Photo by Downtowngal (Own work) [CC BY-SA 3.0], via Wikimedia Commons
Photo by Downtowngal (Own work) [CC BY-SA 3.0], via Wikimedia Commons

A proposal to build a 2,900-foot-long zip line through Runyon Canyon drew a steady stream of criticism at a Hollywood Hills neighborhood council meeting Wednesday night, including from the city Recreation and Parks Department.

A statement from a department executive was read at the meeting of the Hollywood Hills West Neighborhood Council at the Will & Ariel Durant Branch Library in Hollywood.

No action was taken on the proposal by Jeff Pruitt and Ryan Woods.

Following the meeting, Pruitt told Fox11 that he Woods would “revisit the situation.”

Pruitt and Woods said before the meeting they approached the city Recreation and Parks Department last year about building a zip line in Griffith Park. After discussing the idea with Recreation and Parks officials and Councilman Tom LaBonge’s office, they opted instead to propose the line in Runyon Canyon, Woods told City News Service.

The zip line would start at Runyon Canyon Road just east of the power line structure and drop gliders 500 feet into the canyon, Pruitt said, landing north of Fuller Gate — a popular site for outdoor yoga classes.

Pruitt and Woods had said they hope to win over residents’ concerns about increased traffic by running a shuttle from the Hollywood & Highland Center parking area, reducing the number of tourists using residential streets and parking along the roads.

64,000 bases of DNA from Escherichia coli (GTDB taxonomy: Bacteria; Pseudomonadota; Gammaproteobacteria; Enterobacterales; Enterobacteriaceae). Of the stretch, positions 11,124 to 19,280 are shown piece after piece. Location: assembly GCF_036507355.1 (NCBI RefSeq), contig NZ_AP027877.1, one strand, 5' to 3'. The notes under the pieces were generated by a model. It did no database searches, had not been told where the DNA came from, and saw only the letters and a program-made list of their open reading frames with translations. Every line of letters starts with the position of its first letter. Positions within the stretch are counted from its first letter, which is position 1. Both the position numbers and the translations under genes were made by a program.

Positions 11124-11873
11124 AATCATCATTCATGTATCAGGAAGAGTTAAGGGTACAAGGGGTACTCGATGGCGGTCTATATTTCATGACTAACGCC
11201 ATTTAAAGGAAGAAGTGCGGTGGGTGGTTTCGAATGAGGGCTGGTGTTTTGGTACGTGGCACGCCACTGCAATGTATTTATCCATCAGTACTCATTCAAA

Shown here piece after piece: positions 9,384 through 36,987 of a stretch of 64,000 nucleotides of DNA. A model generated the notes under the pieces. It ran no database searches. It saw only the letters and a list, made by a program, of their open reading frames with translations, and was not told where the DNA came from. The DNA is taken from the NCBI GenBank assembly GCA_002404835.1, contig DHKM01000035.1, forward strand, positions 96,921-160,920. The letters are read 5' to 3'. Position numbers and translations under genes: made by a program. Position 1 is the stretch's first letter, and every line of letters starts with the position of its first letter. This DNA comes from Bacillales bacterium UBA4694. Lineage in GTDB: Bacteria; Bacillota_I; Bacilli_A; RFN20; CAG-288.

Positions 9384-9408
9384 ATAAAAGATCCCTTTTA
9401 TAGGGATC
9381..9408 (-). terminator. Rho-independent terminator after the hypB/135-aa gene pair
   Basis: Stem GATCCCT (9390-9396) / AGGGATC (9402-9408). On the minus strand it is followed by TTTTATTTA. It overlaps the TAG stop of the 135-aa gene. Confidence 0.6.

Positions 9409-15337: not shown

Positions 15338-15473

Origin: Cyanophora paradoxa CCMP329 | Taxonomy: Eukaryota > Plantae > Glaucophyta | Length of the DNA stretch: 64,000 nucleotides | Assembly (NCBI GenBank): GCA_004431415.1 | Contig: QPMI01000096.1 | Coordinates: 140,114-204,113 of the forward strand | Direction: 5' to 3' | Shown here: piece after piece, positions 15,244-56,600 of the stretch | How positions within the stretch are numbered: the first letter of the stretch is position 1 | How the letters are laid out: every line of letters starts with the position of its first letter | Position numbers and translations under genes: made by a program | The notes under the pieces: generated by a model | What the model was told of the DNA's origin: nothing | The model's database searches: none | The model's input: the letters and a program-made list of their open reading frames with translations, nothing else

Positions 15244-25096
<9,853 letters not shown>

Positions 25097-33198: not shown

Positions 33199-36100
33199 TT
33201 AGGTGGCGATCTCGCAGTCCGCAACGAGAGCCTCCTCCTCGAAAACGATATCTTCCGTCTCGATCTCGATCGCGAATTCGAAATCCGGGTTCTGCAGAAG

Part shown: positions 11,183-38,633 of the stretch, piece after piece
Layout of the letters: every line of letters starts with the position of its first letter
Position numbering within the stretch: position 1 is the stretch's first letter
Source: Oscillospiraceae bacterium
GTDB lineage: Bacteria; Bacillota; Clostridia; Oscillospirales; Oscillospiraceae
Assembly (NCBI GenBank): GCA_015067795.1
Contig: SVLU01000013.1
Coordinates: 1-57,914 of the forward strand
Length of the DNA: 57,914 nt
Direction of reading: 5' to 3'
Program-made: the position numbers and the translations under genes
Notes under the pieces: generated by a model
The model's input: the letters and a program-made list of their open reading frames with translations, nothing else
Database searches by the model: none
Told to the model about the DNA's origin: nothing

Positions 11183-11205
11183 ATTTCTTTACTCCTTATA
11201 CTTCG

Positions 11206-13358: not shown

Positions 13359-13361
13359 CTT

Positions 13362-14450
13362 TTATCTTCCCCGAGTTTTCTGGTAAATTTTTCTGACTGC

“We want this to become the new way to get to Runyon Canyon,” Pruitt told City News Service.

The pair also said they would donate $700,000 to fix trails, add bathrooms and make other improvements at Runyon Canyon.

Joe Salaices, superintendent of Recreation and Parks operations, said before the meeting the proposal is in its “infancy stage” and city officials are still gathering information.

A formal application has not been submitted to the city, but if the city wanted to pursue the idea, there would have to be a competitive bidding process to choose an operator, and the proposal would undergo a public and “transparent” review process, Salaices said.

Salaices said the city recently experimented with a smaller zip line at Venice Beach that was “somewhat semi-successful,” but is “not at the same level” as the Runyon Canyon proposal.

Pruitt said the zip line would be one of very few in the country in an urban area, with most built in “remote mountain ranges or areas overlooking just water.”

The proposed Runyon Canyon zip line would offer “basically the best view in Los Angeles,” including downtown, the mid-Wilshire area, West Hollywood and “on a clear day you’ll be able to see the water,” Pruitt said.

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— City News Service

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